Convicted killer Anthony Garcia sentenced to death
Convicted killer Anthony Garcia has been sentenced to death. That word came during an emotional afternoon in court Friday in which one of the judges involved in the case had to leave the courtroom.
The sentencing of Garcia came to an abrupt halt as Judge Gary Randall, reviewing the case prior to sentence, paused, and stepped away from the bench saying he was in pain. "I apologize," the judge said as he left the courtoom.
Randall appeared moments away from issuing sentencing but stepped away from bench. He said it wasn't nerves, but pain. His breathing was labored for the last few minutes as he read.
Medics were called. They wheeled Judge Randall from the courtroom.
After a delay, the remaining two judges from the three-judge panel resumed the proceedings. District Judge Rick Schreiner of Beatrice was on the bench.
The sentencing order was already written. Both of the other two judges involved Friday served on the 3-Judge panel.
Judge Schreiner finished the panel's work sentencing Garcia to death.
Garcia was found guilty of murdering Dr. Roger Brumback, his wife Mary, 11-year old Thomas Hunter and the Hunters’ housekeeper Shirlee Sherman.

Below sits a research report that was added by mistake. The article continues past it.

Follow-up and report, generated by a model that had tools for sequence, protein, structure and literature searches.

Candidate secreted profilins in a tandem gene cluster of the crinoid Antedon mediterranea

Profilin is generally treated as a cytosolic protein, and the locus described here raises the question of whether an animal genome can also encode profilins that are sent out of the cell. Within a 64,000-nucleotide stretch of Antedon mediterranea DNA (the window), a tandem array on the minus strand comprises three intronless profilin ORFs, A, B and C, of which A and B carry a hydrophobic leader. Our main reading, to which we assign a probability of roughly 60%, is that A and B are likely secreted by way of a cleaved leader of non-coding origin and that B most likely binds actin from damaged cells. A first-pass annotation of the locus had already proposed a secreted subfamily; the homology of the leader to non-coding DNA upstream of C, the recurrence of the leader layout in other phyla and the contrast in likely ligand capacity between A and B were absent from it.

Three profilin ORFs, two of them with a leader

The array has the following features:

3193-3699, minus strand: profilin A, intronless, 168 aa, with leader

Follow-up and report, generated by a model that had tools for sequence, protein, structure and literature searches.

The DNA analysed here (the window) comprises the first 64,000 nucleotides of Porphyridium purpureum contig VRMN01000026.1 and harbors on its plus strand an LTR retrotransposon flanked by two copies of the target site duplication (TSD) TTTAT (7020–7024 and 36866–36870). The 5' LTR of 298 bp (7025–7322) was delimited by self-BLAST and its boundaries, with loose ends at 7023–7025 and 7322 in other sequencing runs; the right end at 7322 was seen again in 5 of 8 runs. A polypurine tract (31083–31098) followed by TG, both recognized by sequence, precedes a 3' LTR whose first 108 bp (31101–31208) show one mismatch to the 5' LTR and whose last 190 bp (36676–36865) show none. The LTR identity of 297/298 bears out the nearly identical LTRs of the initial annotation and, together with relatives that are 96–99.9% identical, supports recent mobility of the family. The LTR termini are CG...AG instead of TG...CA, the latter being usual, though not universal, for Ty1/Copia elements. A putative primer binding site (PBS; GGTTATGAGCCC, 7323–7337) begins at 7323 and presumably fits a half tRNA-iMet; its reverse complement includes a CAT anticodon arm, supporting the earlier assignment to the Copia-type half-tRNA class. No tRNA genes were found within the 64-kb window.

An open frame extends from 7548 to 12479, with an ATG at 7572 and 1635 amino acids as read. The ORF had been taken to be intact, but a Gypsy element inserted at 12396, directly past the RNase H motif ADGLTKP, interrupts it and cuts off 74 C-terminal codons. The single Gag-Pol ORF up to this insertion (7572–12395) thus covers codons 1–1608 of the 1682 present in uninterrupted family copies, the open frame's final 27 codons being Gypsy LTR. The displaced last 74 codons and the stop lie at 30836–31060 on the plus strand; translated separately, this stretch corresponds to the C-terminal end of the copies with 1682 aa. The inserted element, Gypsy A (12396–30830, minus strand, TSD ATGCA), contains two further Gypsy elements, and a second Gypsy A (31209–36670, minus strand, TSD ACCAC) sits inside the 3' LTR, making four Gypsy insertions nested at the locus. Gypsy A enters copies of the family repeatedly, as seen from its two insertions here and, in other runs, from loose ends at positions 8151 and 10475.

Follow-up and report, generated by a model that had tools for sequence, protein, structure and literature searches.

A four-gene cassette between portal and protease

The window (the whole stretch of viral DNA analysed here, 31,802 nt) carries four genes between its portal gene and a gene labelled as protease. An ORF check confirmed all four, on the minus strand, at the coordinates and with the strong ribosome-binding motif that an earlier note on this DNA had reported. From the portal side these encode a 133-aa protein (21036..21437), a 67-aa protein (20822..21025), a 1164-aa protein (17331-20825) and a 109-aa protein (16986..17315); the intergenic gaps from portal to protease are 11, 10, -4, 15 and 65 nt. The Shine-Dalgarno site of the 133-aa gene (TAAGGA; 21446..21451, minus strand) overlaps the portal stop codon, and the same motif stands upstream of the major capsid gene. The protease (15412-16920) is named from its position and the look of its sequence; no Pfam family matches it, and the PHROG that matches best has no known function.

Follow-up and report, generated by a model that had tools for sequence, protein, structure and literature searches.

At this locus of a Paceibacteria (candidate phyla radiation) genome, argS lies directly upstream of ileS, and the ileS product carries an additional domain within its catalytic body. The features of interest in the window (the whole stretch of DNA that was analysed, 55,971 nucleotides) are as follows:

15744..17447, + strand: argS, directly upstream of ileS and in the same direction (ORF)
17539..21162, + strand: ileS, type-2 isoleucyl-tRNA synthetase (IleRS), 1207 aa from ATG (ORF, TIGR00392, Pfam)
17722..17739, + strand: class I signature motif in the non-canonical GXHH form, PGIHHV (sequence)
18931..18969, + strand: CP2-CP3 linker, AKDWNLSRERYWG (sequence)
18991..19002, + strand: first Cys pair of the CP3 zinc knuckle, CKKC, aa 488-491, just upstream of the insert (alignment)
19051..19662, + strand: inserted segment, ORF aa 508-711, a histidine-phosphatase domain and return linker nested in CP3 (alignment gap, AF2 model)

In June, the three-judge panel heard from the defense and prosecutors on why Garcia should or should not be given the death penalty.
Garcia sat through the hearings unresponsive with his eyes closed as his lawyers presented a defense of mental illness.
In October, 2016, a Douglas County jury convicted Garcia on all counts including four counts of First Degree Murder.
The jury weighed weeks of testimony about the 2008 deaths of Thomas Hunter and Shirlee Sherman as well as the 2013 deaths of Dr. Roger Brumback and Mary Brumback.
Prior to sentencing Friday, Bradley Waite, Shirlee Sherman's brother said, "Today will not be the last chapter, we know that." He said, "We'll get a sigh of relief upon his death. And the sooner the better."
Jeff Sherman, Shirlee Sherman's son, said, "Mr. Garcia doesn't deserve my forgiveness."
Daniel Waite, Shirley's brother, said, "The facts were pretty clean to me throughout." He said, "The images of the murders that we witnessed during court were indelible."